Thirdly, safety and security are the key technical goals. The networks among hospitals and clinics, conditions for data transfer between many institutions and subjects, encryption and authentication tools from the very beginning of the process to the end. All these measures create the confidence. Privacy protection and security conditions are two sides of the same coin – trust.

Fourthly, the main benefit is obvious. Due to new technologies and the clear conditions specifying how to use them, due to the certainty of the reliability of the technologies (which is important for physicians’ feeling of the certainty and give the strong framework for liability), we can establish the new model of the medical services. These will be personalized services, adjusted not only to our individual needs and expectations, but also to our individual characteristics. Personalized medical services, user friendly solutions adjusted to the lifestyle.  Furthermore, we can create the real demand. The supply on the side of the business and this demand from the users/patients are key as  digital game changers. It is important both for the digital development and for the paradigm shift in the healthcare area. If we can say what is crucial for the full digital development, this digital shift paradigm in the healthcare area based on demand/supply factor is one of the most significant.

Fifthly, the eHealth model development, this shift paradigm can change many dimensions of how the healthcare area functions. But the role of human factor will remain. The interactions between patients and physicians should remain meaningful because they play a significant role enriching the process of cooperation between these two subjects aiming at achieving common goals. Healthy life and, especially relevant for elderly people, healthy ageing are the common objectives. In order to achieve them we need to establish and develop the special, digital health literacy. It means that the introduction of new solutions should be linked with promotion and awareness raising concerning eHealth challenges. It is important for all sides: for doctors and for patients. It is significant for the objectives of the public health. Finally, it should be related to the programs, which can support elderly generations in e-skills development, which means also the proper usage of all new devices.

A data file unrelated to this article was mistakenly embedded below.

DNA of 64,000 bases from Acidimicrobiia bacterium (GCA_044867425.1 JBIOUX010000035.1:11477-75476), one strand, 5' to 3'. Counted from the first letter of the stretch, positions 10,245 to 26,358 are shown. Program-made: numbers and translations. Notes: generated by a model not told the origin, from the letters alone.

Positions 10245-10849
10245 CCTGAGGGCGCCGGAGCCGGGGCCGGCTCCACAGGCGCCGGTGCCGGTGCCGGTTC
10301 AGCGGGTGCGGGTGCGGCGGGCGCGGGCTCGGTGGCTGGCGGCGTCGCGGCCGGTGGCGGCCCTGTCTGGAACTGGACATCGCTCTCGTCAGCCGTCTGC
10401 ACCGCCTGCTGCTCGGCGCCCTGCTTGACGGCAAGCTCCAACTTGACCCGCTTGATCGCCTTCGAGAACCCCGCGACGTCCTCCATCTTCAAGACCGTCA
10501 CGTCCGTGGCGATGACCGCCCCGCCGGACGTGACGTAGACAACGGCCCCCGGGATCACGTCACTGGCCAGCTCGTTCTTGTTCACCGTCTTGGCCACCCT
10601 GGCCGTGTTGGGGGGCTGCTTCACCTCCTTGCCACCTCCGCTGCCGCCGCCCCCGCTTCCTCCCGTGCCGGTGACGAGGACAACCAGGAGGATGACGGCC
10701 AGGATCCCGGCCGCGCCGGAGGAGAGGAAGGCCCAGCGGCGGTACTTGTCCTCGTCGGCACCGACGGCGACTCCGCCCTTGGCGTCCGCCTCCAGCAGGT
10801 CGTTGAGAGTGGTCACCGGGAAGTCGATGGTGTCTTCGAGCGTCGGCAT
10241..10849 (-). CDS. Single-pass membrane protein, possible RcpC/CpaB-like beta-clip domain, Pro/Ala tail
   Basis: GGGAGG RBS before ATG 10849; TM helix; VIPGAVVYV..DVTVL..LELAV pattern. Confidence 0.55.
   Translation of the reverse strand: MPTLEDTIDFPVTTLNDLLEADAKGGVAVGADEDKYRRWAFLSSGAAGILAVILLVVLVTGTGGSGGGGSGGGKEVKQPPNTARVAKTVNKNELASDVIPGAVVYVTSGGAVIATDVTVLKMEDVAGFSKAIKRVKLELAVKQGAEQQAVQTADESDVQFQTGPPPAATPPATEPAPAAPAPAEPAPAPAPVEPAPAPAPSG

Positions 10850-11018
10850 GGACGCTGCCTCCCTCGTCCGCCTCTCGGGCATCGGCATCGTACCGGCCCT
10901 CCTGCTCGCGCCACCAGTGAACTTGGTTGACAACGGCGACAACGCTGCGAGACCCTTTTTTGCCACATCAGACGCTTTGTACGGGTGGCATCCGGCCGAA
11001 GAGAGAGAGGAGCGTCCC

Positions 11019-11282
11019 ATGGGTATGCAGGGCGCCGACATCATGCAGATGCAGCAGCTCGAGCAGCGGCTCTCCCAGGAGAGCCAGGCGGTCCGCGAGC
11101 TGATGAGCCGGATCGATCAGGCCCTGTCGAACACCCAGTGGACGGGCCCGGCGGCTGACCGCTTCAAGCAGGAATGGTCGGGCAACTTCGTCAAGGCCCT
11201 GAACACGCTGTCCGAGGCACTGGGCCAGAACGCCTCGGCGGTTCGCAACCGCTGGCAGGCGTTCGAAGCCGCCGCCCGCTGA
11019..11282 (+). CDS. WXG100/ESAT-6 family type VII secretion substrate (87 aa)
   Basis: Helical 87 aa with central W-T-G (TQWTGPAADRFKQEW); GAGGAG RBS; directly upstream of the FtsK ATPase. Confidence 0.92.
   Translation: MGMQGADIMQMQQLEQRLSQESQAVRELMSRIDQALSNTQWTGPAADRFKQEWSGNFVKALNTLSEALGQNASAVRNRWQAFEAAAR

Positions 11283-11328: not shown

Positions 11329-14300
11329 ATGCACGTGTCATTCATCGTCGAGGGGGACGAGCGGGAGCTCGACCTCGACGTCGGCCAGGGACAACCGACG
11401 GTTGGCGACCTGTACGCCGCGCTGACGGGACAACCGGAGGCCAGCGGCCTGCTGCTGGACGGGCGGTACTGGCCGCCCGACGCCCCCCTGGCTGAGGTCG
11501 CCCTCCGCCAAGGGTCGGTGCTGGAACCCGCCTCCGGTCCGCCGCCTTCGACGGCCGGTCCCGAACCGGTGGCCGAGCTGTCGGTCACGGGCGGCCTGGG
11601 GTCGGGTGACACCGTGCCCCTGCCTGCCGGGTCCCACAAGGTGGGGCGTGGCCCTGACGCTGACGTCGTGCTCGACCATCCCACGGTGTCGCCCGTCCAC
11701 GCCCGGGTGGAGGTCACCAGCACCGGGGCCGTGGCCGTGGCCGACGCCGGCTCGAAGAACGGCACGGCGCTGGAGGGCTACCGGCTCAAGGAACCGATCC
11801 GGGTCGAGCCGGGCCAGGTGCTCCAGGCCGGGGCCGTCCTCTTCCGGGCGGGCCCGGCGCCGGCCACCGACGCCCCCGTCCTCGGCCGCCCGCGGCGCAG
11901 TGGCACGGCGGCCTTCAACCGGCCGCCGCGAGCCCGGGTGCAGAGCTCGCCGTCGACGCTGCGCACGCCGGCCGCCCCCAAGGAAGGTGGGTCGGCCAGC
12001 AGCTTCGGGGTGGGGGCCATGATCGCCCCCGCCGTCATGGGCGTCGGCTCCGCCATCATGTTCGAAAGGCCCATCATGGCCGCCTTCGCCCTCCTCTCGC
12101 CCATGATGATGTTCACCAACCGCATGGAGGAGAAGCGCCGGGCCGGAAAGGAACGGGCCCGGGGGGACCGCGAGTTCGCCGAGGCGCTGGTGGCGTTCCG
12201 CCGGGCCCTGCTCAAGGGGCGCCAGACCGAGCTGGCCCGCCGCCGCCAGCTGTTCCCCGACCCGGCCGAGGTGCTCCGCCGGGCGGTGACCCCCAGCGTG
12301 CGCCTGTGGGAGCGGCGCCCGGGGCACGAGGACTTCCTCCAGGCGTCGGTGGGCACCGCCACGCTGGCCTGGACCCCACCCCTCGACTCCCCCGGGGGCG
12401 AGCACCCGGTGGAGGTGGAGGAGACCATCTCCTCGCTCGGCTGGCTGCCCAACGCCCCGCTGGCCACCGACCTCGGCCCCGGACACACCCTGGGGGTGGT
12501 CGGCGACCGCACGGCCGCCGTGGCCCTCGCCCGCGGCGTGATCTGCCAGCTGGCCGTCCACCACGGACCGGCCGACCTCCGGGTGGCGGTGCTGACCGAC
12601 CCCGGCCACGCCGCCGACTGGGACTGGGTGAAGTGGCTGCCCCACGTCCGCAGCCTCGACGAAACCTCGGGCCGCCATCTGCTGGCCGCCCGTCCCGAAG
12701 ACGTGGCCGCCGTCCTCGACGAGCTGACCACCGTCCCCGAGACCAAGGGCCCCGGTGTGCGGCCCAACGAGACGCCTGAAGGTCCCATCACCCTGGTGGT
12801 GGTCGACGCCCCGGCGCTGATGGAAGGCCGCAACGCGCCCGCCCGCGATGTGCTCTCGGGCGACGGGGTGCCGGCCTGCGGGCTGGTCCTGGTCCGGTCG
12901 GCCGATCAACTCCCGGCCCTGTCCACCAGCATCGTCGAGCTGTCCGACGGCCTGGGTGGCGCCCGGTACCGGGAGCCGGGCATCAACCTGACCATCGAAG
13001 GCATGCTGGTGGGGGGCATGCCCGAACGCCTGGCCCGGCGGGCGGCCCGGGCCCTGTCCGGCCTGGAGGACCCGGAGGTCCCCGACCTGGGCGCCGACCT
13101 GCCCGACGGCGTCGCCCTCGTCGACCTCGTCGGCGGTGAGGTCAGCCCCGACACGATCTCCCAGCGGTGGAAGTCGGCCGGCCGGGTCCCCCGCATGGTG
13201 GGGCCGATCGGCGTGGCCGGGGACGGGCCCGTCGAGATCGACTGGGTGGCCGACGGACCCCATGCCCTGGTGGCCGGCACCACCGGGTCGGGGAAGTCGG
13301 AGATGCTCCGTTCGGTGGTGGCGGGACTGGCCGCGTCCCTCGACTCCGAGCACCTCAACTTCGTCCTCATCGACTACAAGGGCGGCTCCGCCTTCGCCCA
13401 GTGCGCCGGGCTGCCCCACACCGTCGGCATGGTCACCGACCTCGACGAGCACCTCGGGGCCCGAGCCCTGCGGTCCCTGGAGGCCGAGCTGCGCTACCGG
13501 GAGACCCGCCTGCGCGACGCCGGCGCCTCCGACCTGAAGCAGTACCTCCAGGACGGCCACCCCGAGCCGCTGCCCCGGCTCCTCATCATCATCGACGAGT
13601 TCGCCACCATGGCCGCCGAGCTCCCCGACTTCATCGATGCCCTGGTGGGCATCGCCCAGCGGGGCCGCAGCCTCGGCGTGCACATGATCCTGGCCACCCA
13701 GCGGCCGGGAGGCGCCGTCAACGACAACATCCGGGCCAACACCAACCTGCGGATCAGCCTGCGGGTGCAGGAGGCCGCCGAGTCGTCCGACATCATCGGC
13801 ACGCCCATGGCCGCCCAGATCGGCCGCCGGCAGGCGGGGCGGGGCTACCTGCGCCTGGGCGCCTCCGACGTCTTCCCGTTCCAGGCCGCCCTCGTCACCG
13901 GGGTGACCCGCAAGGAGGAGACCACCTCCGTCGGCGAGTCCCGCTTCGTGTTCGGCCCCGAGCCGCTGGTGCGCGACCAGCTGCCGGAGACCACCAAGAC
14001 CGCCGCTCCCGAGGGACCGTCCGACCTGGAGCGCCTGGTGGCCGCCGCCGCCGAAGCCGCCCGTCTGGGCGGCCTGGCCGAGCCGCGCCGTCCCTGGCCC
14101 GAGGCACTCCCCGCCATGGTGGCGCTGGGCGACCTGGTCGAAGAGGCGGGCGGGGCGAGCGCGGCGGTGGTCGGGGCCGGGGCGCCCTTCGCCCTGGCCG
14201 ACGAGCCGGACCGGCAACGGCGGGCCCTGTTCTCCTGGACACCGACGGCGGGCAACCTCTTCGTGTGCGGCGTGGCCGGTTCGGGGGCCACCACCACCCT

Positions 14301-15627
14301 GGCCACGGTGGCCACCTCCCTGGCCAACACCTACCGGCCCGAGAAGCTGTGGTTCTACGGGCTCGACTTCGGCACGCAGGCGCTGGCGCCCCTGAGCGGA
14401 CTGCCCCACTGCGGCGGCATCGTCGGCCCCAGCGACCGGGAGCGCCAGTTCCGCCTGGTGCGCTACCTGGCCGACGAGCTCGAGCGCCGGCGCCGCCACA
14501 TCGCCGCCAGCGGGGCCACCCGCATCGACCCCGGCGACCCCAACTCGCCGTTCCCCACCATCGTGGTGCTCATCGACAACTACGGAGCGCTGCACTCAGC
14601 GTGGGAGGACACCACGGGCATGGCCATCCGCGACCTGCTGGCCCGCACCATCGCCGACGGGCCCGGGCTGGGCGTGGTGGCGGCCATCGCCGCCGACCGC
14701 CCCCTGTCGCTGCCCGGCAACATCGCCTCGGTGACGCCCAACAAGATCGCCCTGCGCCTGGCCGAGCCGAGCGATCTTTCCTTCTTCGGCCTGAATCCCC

Sixthly, we need to incorporate those new trends to the healthcare public system. It is the only way for all of us to benefit. But it requires not only technological development, well-structured regulatory and non-regulatory framework, political will both at the European and national level, but also starting the work to answer the question: how to finance this shift paradigm in the healthcare area and which partners could contribute to that?

Just six points, but many opportunities for healthcare area. Let’s start…